Prostate Cancer Screening: Should You or Shouldn't You?

Make an informed decision on screening for prostate cancer

doctor using tablet computer

Personal risk factors for prostate cancer, such as your age, general health, race and family history, may not be enough to determine whether you should be screened.

In fact, many men who have undergone screening for prostate cancer wish they had considered other issues in addition to these risk factors, such as potential dilemmas that their screening results may have presented.

Having a clear picture of the dilemmas and uncertainties that prostate cancer screening results can bring—in addition to assessing your risk factors—is the best way to ensure that you make screening decisions you'll feel comfortable with down the road.

Uncertainty #1: Early-Stage Treatment Doesn't Always Improve Outcome

Unlike many cancers, there is a big difference between prostate cancer incidence and mortality. Having the disease is not a death sentence. Many men who have prostate cancer do not die from it, even when it is left untreated, because their particular cancer is slow growing. Not only are many slow growing, but also they often don't cause any symptoms at all during a man's lifetime and are unlikely to be a cause of death or disability.

However, some prostate cancers grow more quickly, and it is difficult to tell in the early stages which cancers pose a threat and whether early treatment is desirable. So even if the prostate cancer screening process works and a cancer is detected, it may not be clear in all cases whether treatment will cause more good than harm. A number of men opting for treatment will be cured. However, other men may find themselves dealing with the side effects of surgery and radiation for a cancer that would never have bothered them had it gone undetected.

Consider this: By the age of 80, half of all men will have some cancer cells in their prostate, but only 1 in 30 will die from it.

Uncertainty #2: Don't Expect Proof-Positive Results

In the absence of prostate cancer symptoms, two main tests are currently used to detect prostate cancer: a digital rectal exam (DRE) and a blood test to detect a substance made by the prostate called prostate specific antigen (PSA).

The DRE is a long-established test used by physicians, but wide variations exist in how physicians interpret the findings. And false negatives are common. In fact, an overview of studies on screening suggests that DRE alone detects less than 60 percent of prevalent prostate cancers. About 25 percent of men who were diagnosed with metastatic prostate cancer had a normal DRE.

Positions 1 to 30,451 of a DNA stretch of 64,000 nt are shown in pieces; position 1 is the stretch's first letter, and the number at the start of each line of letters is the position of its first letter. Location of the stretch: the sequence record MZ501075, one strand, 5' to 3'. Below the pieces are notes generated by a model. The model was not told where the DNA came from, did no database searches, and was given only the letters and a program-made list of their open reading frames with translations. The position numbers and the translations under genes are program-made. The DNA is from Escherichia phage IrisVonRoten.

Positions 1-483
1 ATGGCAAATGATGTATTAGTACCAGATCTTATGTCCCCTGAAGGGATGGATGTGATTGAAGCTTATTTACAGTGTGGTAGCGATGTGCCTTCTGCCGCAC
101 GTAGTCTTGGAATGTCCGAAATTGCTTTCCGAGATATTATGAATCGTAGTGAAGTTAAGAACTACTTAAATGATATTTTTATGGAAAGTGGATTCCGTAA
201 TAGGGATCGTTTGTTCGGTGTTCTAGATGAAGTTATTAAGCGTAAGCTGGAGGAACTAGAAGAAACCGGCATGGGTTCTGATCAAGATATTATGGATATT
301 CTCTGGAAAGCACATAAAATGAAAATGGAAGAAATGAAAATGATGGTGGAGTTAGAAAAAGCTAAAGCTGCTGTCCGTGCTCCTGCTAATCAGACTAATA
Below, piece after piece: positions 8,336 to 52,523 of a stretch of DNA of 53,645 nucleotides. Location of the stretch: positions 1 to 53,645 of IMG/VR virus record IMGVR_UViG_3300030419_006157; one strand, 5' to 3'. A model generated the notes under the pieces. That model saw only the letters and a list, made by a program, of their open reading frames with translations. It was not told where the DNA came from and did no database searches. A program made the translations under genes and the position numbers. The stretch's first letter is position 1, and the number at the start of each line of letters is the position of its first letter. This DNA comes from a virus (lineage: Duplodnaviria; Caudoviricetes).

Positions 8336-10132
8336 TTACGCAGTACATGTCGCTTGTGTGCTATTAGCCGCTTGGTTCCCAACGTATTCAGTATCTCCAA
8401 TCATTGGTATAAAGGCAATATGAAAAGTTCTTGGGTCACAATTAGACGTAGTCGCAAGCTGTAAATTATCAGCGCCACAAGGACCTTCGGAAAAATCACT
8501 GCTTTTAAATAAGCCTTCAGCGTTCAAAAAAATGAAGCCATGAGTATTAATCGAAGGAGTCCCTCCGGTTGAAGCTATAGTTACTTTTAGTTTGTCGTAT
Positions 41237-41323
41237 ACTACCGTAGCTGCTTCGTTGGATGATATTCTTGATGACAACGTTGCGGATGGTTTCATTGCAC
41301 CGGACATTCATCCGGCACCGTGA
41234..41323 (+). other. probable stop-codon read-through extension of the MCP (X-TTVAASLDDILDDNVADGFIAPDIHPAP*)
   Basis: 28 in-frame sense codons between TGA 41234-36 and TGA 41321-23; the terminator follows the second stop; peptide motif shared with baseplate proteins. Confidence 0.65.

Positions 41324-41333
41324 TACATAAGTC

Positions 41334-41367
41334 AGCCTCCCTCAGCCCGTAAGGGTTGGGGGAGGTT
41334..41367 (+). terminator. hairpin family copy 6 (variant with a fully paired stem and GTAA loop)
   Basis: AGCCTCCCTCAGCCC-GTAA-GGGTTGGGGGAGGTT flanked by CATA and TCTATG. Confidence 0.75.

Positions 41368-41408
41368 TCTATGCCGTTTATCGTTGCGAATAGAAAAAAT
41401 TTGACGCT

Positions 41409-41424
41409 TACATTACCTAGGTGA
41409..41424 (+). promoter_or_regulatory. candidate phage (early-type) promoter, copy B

Bottom line: If DRE does not detect a cancer, it does not always mean that cancer is not there.

PSA testing detects more tumors than does DRE, and it detects them earlier. However, a PSA level of 4 or below doesn't always mean that you're cancer-free. Various factors may cause a drop in PSA levels even if you have prostate cancer. Herbal supplements such as saw palmetto and medications such as finasteride can reduce your PSA level.

Many men with an abnormal PSA may go through needless worry and medical procedures to find out they don't have cancer.

Using both DRE and PSA screening for prostate cancer appears to detect more cancers than using either method alone, and most experts recommend that men who want to be screened for prostate cancer have both tests.

Uncertainty #3: Don't Assume Positive Means Positive

The PSA test for prostate cancer is a tricky combination of high sensitivity, meaning it does a good job of finding a cancer if there is one, and low specificity, meaning a substantial number of high PSA readings will be due to some other condition and not due to cancer at all. Nevertheless, the higher the PSA, the more likely the presence of prostate cancer.

On the other hand, because PSA can rise for all kinds of reasons, this type of screening for prostate cancer produces a high percentage of false positives, which can lead to unnecessary, costly and invasive tests, such as biopsies, as well as unnecessary personal distress.

An elevated PSA level may be caused by benign prostate enlargement (prostatitis); inflammation or infection of the prostate gland; and age, race and/or physical or sexual activity. More than 70 percent of men with a PSA level between 4 and 10 don't have prostate cancer.